Shaking Things Up: 14 Young Women Who Changed the World

Image of Shaking Things Up: 14 Young Women Who Changed the World
Release Date: 
January 22, 2018
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An online dictionary says that a poem is a piece of writing that partakes of the nature of both speech and song that is nearly always rhythmical, usually metaphorical, and often exhibits such Susan formal elements as meter, rhyme, and stanzaic structure. In the book Shaking Things Up: 14 Young Women Who Changed the World, Susan Hood celebrates 14 women with 13 poems, illustrated by 13 different women.

According to the timeline near the front of the book, the women shaking things up are from four different centuries, although most are from the 20th century. They range in age from 17 to their 30s. The book covers both familiar faces and unknown ones, from Nellie Bly to Angela Zhang, and from Frida Kahlo to Malala Yousafzai (the girl shot in the face by the Taliban).

The poetry styles are rhyming stanzas, one set of Limericks, one shape poem, one acrostic poem, several that don’t rhyme, and one with a repeating line. The poem about Frances Moore Lappe, the author of books on eating local foods, is 12 lines of perfect and close rhymes for the word cuisine.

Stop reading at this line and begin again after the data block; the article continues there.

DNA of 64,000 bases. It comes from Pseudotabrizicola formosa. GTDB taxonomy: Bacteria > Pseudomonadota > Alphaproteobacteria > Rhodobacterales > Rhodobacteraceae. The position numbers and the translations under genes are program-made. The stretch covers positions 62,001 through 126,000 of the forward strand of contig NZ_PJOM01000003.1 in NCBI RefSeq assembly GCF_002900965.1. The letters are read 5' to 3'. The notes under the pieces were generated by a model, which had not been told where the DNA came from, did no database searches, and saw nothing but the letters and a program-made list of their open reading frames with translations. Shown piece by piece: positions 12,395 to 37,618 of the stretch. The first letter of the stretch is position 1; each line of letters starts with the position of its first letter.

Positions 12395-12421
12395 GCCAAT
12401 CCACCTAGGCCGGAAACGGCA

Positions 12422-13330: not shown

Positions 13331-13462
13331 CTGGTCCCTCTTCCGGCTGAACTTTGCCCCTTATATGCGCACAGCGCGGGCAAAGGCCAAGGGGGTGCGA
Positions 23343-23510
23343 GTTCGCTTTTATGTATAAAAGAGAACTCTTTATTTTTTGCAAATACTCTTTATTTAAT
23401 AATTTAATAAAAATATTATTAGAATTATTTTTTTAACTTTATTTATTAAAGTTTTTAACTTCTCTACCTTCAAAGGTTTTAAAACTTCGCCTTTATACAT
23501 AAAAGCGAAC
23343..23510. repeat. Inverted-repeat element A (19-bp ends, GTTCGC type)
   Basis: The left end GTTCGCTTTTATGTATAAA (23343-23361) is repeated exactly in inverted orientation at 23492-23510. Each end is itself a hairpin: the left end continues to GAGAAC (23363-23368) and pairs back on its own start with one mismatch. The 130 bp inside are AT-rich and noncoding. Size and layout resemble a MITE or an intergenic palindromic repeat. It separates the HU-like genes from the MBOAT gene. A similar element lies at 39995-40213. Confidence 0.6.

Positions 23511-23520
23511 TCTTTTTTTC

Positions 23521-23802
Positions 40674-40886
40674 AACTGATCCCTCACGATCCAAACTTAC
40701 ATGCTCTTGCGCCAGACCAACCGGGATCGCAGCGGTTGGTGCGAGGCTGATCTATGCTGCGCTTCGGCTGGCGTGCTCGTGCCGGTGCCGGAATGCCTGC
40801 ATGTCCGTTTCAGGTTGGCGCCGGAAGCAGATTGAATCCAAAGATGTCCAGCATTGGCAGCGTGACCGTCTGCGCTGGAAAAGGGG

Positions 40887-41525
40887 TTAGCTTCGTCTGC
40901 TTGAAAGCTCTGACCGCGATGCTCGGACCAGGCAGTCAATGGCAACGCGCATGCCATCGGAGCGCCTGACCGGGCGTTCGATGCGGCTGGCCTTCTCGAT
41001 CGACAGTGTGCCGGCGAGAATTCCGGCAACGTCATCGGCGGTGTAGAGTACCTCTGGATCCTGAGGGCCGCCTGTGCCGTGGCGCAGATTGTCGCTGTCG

The coolest thing about this book, besides the fact that 13 illustrators share credit for the art, is that it has bonus features throughout that make it user friendly and great for school reports. 

The book starts with a table of contents. At the end of every page is a summary paragraph about the woman. There is an author’s note, and a “sources, books, websites and more” page that shows the bibliography for each woman. There is even a page of acknowledgments, plus the aforementioned timeline. No wonder it needed eight more pages than a typical picture book.

The paleontologist page is entitled “Buried Treasure” and is illustrated with blues, black and white by Hadley Cooper. The “Turning the Tide” story about Annette Kellerman inventing the first modern bathing suit has ethereal water colors by Emily Winfield Martin.

The “Storyteller” art by Sarah Palacios, about Pura Belpre, is bright and childlike. The “Broken” story art about Frida Kahlo, painted by Erin K. Robinson, is as bizarre as Kahlo’s self-portraits. The “Secret Agent Sisters” story covers two women and their spying during World War II with art by Sophie Blackall.

The Ruby Bridges story is done in collage style. “A New School” is illustrated by Oge Mora, and she also illustrated the cover.

This book stands out from the rest for so many reasons. The collaboration, the women chosen, the layout, the bonus material all make it a one-of-a-kind biography that will surely start a new genre of picture book biographies. When one woman cannot sustain a whole book, she can fill up two pages and introduce the world to her otherwise celebrated or not-so-celebrated accomplishments.

Congratulations to Susan Hood for writing a groundbreaking biography and to everyone at Harper who put it all together.